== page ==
At the start of the interview, repeat why you’re doing the call, how you will use the interview, that you’ll be recording and transcribing the call to ensure accuracy and you’ll send them the first draft for review when it’s ready. Let them know they will see a final draft, as well, before it’s published.

    Finally, when the interview is complete, share the timeline for when they can expect to see the first draft. You can also ask if they have other resources they could share – such as a slide deck, a whitepaper or older collateral or articles they’ve written on the topic. 

    Subject Matter Expert Interview Questions 

    When crafting your questions, avoid those that can only be answered with a yes or a no. “Why,” “how” and “give me an example” are your best friends in an interview. Open-ended questions allow your SME to expand on their responses and often reveal important points you didn’t think to ask.  

    If your Subject Matter Expert initiated the call because they want to write about a specific topic, start the call with: 

    “Why did you want to speak about this topic? Has something come up in your conversations with clients that triggered this idea?”  

    (This usually produces some great anecdotes you can use as examples in your piece.) 

    I always wrap up the interview by asking whether there were questions I didn’t ask – but should have. Without fail, the Subject Matter Expert adds something that ends up being critical to the overall piece or adds supporting evidence that strengthens it. 

    Need some inspiration crafting your SME question set?  

    Download Top 15 Interview Questions to Ask Subject Matter Experts

    Be your Subject Matter Expert’s Guide on their Journey 

    Interviewing experts in their field has always been my favorite part of my job. And when you approach the task as an opportunity to learn – not being afraid to ask what you might think are stupid questions (they’re not) – and show genuine interest in the subject, the content you develop will reflect that.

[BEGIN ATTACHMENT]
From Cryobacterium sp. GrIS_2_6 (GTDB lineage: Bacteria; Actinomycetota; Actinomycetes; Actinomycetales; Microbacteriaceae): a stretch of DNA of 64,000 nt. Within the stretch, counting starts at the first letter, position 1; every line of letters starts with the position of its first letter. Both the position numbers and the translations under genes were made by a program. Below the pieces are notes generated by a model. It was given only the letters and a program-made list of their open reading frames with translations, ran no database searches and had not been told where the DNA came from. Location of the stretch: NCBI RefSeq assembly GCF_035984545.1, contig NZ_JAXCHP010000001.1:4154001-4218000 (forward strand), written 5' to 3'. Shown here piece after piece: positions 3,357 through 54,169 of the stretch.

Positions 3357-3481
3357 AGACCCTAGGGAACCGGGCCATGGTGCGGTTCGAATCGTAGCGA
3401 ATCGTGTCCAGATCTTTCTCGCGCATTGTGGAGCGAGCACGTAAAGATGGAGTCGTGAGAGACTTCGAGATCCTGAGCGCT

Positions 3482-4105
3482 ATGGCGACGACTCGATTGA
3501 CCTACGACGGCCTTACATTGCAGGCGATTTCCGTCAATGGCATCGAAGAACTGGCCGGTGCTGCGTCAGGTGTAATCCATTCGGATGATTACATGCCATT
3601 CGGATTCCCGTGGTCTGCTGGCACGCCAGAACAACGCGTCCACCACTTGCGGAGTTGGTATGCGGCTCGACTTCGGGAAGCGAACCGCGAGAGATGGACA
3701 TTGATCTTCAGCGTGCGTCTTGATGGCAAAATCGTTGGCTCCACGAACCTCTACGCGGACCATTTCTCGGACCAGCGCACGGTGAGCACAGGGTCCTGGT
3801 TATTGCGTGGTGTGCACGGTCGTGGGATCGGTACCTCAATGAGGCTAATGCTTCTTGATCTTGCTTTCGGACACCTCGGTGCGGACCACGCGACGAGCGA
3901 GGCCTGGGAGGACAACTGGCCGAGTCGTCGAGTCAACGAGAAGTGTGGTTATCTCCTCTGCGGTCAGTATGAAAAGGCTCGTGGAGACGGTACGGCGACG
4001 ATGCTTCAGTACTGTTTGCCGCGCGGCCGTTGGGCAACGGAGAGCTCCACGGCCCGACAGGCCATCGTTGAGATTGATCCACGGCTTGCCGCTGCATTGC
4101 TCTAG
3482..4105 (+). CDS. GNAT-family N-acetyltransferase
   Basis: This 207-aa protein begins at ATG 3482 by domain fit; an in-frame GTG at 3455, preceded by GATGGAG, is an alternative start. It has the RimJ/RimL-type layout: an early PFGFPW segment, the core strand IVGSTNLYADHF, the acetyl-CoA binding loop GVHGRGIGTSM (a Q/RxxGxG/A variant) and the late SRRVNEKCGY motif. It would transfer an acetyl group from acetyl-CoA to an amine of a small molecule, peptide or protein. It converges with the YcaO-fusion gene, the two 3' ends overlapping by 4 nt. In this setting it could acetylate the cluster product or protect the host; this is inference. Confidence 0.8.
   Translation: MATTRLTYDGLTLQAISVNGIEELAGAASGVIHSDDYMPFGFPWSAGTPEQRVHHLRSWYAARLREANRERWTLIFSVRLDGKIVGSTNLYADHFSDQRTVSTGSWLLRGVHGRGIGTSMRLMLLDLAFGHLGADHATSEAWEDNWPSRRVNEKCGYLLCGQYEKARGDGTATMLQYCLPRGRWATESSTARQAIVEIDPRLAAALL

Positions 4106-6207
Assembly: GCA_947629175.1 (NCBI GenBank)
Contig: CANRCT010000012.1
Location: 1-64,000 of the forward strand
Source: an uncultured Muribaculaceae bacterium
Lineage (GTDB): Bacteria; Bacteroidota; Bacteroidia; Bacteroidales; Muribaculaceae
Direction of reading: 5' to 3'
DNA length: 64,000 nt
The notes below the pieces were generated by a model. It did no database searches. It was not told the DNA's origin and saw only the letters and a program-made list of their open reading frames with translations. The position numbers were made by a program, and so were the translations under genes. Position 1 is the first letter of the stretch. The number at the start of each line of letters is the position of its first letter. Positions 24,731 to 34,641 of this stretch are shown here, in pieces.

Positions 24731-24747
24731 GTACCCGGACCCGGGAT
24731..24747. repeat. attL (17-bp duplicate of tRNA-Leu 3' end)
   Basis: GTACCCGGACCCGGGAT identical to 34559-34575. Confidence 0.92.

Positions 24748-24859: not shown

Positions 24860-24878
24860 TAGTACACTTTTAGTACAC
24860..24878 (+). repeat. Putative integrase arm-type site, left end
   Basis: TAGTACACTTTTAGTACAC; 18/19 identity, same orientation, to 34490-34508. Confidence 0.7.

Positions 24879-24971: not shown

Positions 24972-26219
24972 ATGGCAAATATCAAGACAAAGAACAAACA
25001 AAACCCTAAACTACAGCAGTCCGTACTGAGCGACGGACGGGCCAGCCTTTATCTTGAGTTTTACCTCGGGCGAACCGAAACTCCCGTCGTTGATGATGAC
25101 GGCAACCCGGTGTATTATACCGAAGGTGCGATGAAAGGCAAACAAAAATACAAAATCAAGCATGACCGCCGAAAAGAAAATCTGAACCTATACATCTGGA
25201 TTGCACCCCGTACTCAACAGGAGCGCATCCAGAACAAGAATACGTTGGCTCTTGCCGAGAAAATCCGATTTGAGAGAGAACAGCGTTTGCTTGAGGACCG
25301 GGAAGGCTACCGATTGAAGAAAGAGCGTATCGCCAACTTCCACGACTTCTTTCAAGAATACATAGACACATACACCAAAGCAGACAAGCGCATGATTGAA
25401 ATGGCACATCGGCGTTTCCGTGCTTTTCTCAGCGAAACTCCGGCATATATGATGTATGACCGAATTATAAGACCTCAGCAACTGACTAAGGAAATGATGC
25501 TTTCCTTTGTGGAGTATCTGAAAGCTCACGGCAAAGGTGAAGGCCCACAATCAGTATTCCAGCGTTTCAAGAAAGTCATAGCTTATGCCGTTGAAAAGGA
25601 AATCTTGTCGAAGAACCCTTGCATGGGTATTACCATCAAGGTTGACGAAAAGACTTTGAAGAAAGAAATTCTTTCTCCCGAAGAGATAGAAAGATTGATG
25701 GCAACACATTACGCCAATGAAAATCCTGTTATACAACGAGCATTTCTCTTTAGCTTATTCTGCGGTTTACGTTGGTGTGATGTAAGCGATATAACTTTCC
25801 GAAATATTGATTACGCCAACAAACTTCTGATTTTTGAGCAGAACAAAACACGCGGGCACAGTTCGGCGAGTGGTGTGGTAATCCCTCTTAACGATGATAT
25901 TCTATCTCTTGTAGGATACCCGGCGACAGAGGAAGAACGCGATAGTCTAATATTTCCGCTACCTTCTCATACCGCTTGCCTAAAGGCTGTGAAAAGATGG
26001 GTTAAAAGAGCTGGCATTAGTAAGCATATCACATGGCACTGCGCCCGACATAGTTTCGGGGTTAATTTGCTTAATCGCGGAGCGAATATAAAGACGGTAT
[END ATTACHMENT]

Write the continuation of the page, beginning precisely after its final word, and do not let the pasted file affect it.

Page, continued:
As interviewers, it is our job to show how our Subject Matter Expert’s input can lead to improvements for themselves, their companies, their customers and the industry. 

    Remember, although your SME is an expert in their role, they may not be accustomed to being interviewed and sharing their expertise. To make it easier, I’ll share a few ways you can prepare your Subject Matter Expert for success. 

    Scroll through for more advice on getting the most out of your SME interview:



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    Trust Us, Interviewing SMEs Makes for Better Content 

    At 3 Aspens Media, we have interviewed and worked with thousands of Subject Matter Experts as part of creating helpful content for our clients. (Read about the ghost-writing process.)  

    We use Subject Matter Expert interviews to ghost-write articles, craft copy for websites or email, draft resources for sales teams and more. It is far more efficient than asking those experts to write something themselves and ensures a level of accuracy and depth that our clients need to establish brand trust with their customers. 

    Collectively, we have written about diverse topics such as:  

    • Auto body paint and restoration 
    • Fastener selection 
    • Inventory and warehouse optimization 
    • Wildcat oil drilling 
    • How to improve occupational safety and compliance 
    • Credit management 
    • Residential electrical  
    • Pork farming 
    • ESOPs 
    • The wood flooring market 
    • Industrial vending machines 
    • Moving your technology to the cloud 
    • CAD-ERP integration 
    • Cybersecurity for government organizations  
    • The impact of the Russian invasion on Ukrainian families 

    No matter how practiced we are in our crafts, there is no way we are experts in all these topics. We are successful writing about topics we’re not overly familiar with because we work closely with the experts who are.  

    Need further assistance or want to partner with 3 Aspens Media to develop your own content strategy? Give us a call at 970-581-1752 or email us at [email protected] and speak to our team of expert content writers.  

    How to Nail Subject Matter Expert Interviews